Kringle vs Kringle

Instagram Post 11/23/2019

⚖️
After my 11/16 post about Holtermann’s kringle on Staten Island, a number of folks spoke up about their experience with the same Danish pastry from Trader Joe’s. So of course I had no choice but to purchase TJ’s version for one of my typically OCD A/B tests.

Trader Joe’s product comes to us from the O&H Danish Bakery in Racine, Wisconsin, a family business that’s been making kringler and sharing hygge since 1949, so their Danish culinary bona fides are well established; their website, ohdanishbakery.com, touts some 23 tempting flavors but I suspect TJ’s offers only almond.

(Click on any image to view it in high resolution.)

TJ’s is filled with a rich, dense almond paste and adorned with a lemony glaze. It was slightly smaller and featured a filling, glaze and dough that were a bit sweeter, perhaps, than…


Holtermann’s, shown here from the previous post, that boasted a nut filled nut paste filling, a sweet sugar glaze and a slightly more sophisticated, handmade tasting dough that seemed to have more of a from-scratch, small-batch taste.


TJ’s in its entirety, complete with a quarter for size comparison, as I did for…


Holtermann’s – photo from my last post for the sake of completeness. I told you I was OCD.

The verdict. They were different, and both were certainly good in their own fashion as described above. Then again, Holtermann’s cost $22 and involved a subway ride, a ferry crossing, and no small amount of time getting there and back again, but at $7.99 for a similar confection, I can walk to TJ’s in about half an hour and probably burn off some of those kringle kalories while I’m at it! 😉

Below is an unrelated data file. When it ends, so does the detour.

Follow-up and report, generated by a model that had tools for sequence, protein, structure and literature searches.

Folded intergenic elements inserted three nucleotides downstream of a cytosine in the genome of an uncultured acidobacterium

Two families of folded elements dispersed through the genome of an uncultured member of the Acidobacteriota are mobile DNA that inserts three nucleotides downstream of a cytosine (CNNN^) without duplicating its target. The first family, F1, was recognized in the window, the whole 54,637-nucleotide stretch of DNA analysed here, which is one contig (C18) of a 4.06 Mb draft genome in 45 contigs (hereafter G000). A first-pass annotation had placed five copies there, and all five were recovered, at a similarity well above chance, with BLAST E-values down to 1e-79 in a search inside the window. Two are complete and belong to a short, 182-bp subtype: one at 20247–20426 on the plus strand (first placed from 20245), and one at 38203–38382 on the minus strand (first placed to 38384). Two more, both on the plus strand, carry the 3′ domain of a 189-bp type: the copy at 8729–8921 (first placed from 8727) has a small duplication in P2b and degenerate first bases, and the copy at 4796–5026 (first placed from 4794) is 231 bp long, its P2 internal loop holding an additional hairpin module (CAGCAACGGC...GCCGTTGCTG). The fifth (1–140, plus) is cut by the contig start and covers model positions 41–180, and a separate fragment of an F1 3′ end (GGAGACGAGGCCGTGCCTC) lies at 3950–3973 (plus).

Holtermann’s Bakery

Instagram Post 11/16/2019

My first encounter with kringler, the filled Danish pastry, was decades ago via an annual snail-mail catalog specializing in Christmas goodies posted from Wisconsin. (Racine is renown as the kringle capital of Wisconsin and kringler are the official state pastry.) Closer to home, the stalwart Leske’s Bakery in Bay Ridge, Brooklyn, is famous for their rendition. But I was unfamiliar with Holtermann’s Bakery, 405 Arthur Kill Road in Staten Island; a ferry trip and a bus ride at my dining buddy’s behest would enlighten me.

(Click on any image to view it in high resolution.)

Holtermann’s is a somewhat isolated tiny bakery with an enormous parking lot to accommodate the dozens of cars that bring scores of folks who queue up patiently for their delicious baked goods. (Apropos of enormous, that’s a quarter in there.) Some kringler are pretzel shaped; these are vaguely reminiscent of a kid’s slot car race track, flat and oval, but that’s where the similarity ends. This sweet confection, along with a cup of hot coffee, amply provided breakfast on several frosty mornings.


Revealing the filling of sweet nut paste plus nut pieces and the generous application of sweet icing. Did I mention sweet yet?


Perhaps more decadent (and yes, perhaps more sweet) was this chocolate almond ring with…
…gobs of almond paste supporting chocolate glaze and slivered almonds – and there was some cake in there as well.

The family owned and operated business has been around since 1878 so obviously they know how to put a smile on people’s faces. They did on mine. 😋